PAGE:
New Music

Watch: Club Sound Witches – Uprok

Club Sound Witches is the duo of Brisbane’s Nicola Morton (Bad Intentions) and Matt Earle (xNoBBQx), a pairing as abrasive as you’d expect from their prior projects. The video for ‘Uprok’ (a track from a forthcoming cassette on Breakdance the Dawn) is funny. A paper boat leads a camera past onlookers who are either disinterested or confused by the filming, which would be a perfectly acceptable reaction to the track itself.

‘Uprok’ is an oddity, consisting of harshly grating overtones with writhing beats plied underneath. The duo describe themselves as a techno band, but those influences are violently obscured under the aural buzzsaw that is the track’s ambience. The beats are muted too, so that it sounds like you’re loitering just outside a club with a persistent headache. When I listen to this track, I want initially to remove my headphones and walk away, but I listen anyway. It’s a very strange and appealing form of punishment.


‘Uprok’ will appear on a cassette release on Breakdance the Dawn, and follows a 2012 CD-R that we reviewed previously.

New Music

Listen: The Mermaids on Breakdance the Dawn


[UPDATE: a free Bandcamp sampler has been released featuring the below releases + more]

Matt Earle’s Breakdance the Dawn label has a habit of releasing a generous handful of new CD-Rs and tapes at once. The pattern continues with nine new recordings, all available now through the label’s website. I’ve not heard any of them yet though a few samples have been uploaded, among them this three minute section from a new Mermaids release, which comes in the form of a VHS / CD-R release.

As we’ve pointed out before, The Mermaids is a Newcastle duo featuring Michael from Cock Safari / the Grog Pappy label, and Nick from Polyfox and the Union of the Most Ghosts. The few recordings I’ve heard from the duo vary widely. The sample below – a bed of static harried by clipped vocal samples – is dramatically different to the atmospheric synth sleep of ‘Greetings in Three Languages‘.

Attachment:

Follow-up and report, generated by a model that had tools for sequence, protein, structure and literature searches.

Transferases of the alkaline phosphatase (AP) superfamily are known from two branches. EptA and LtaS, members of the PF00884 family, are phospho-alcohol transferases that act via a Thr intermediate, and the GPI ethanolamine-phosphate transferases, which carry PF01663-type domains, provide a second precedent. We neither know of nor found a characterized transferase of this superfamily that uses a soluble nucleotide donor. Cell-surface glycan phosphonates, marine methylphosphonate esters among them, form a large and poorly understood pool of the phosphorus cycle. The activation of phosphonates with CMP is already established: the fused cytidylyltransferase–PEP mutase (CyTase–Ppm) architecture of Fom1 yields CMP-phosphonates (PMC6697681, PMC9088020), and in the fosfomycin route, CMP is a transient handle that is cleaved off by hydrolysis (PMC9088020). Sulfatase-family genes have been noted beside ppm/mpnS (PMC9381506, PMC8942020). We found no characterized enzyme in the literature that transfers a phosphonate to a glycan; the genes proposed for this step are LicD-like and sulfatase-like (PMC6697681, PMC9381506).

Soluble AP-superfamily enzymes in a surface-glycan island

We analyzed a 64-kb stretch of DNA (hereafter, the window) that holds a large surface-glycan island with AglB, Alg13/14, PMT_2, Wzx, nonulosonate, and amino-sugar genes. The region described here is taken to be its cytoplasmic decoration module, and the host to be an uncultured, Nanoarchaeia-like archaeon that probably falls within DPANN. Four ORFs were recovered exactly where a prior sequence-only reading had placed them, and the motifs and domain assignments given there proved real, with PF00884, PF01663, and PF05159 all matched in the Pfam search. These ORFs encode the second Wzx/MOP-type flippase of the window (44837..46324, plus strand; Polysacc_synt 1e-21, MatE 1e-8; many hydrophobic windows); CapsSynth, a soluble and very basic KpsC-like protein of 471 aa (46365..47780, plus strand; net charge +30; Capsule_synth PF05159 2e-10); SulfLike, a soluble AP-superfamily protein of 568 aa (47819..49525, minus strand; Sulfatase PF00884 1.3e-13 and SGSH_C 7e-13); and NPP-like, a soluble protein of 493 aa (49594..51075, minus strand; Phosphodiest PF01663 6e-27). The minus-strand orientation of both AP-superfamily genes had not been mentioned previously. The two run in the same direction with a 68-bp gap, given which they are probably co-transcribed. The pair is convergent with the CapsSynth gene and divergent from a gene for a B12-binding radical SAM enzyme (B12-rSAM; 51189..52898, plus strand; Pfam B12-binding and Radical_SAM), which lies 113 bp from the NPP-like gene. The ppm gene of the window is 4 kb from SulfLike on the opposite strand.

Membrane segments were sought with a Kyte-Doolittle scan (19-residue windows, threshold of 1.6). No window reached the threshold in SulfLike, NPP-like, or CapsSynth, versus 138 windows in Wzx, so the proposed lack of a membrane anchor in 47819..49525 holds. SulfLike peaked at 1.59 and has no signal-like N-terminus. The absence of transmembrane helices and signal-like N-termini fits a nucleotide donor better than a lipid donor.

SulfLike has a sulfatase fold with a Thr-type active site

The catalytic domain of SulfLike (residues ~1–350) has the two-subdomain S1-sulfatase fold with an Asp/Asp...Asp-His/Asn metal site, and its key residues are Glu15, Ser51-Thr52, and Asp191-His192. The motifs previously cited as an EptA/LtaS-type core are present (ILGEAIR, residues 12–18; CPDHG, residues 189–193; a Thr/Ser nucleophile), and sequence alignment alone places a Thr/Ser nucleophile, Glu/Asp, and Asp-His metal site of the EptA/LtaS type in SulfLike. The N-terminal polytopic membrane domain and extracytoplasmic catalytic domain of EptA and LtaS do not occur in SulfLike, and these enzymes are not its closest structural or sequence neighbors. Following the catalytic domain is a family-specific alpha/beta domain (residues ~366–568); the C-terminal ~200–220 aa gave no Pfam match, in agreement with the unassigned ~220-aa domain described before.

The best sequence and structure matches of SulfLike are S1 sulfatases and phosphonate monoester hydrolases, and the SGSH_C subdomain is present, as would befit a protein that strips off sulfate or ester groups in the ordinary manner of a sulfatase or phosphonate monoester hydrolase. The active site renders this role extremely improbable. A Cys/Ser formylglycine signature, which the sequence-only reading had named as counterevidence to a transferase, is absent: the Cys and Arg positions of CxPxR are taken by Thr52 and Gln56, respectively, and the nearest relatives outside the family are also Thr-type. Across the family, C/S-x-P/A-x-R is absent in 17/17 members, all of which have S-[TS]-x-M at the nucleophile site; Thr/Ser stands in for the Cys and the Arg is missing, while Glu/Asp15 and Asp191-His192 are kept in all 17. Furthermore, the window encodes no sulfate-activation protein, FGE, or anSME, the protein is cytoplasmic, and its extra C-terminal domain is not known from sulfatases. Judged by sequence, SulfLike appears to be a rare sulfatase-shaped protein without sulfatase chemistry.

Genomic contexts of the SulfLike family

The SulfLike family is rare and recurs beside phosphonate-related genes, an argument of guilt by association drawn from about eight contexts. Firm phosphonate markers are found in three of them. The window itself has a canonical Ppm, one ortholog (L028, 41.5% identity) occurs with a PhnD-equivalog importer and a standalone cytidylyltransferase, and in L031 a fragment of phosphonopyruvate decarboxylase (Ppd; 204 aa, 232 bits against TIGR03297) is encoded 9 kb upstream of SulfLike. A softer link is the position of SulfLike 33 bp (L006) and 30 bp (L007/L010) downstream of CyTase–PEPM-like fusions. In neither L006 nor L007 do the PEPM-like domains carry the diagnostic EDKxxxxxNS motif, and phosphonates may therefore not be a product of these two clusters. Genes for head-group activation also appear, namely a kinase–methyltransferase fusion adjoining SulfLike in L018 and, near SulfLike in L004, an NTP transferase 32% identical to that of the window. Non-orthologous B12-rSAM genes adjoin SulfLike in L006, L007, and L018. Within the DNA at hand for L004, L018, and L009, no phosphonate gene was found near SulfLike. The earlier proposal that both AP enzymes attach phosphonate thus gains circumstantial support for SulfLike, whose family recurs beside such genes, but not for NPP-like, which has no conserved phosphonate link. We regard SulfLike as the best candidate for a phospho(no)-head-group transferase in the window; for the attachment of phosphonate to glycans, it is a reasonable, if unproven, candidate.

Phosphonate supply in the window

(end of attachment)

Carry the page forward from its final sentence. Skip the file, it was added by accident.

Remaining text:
‘Static with clipped vocal samples’ sounds like it’d be annoying, but strangely enough, there are few sharp edges to the sample below. It’s involving and evocative. I’m not sure how the VHS format factors into the end product, but expect it to be fascinating, and probably discomforting.

As for the other new Breakdance the Dawn releases, there’s stuff by xNOBBQx, Sun of the Seventh Sister, Goods Van, The Sha, Club Sound Witches, Squiding, Bad Intentions and Statis Duo. All are available as either CD-R or tapes, except the VHS tapes of course. Buy them here. Sample the rest of them here.


Photos from Fitz Fest 2013

When you go to a festival, especially one as good as the inaugural Sydney Fitz Festival, it’s very nice to go home and look at photos of it. We know this, and that’s why we’ve got a slideshow for you below. Look at that, or check out the individual photos below.

All photos of Yasmin Nebenfuhr.

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Club Sound Witches – Club Sound Witches (CD-R)

If the text-based computer games you played as a kid suddenly turned blood red and instructed you to kill your parents (with an axe, ideally), the accompanying music would sound like Club Sound Witches. Consisting Matt Earle of various Breakdance the Dawn affiliates (X Wave and Girls Girls Girls among them) and one Nicola Morton, this is the sound of old hardware rising from its obsolete dormancy to suck your stupid brain dry.

As legend has it, the synths used on this record survived a thorough washing during the 2010-11 Queensland floods. I’m not sure what specific effect this had on the instruments, but the results here definitely sound broken or breaking. Unfathomably deep bass tones calmly ooze battery acid while distant echoed murmurs roleplay the monochrome soul of the machine. Each drawn out note modulates rhythmically beneath a surface of hiss, thus creating a kind of sub-sub-basement techno for people who can only dance while on horse tranquilizer, lying down.

In some ways Club Sound Witches is reminiscent of some of Basic Channel’s more stubbornly ugly material in its relentless non-humanness. But here, technology isn’t so much the threat as it is the last thing standing. This is the sound of everything – whether powered or breathing – grinding to a halt.

Please note the CD-R edition reviewed here featured two fifteen-minute long tracks, which are tracks 3 and 4 in the playlist below.

Label: Breakdance the Dawn
Release date: June 2012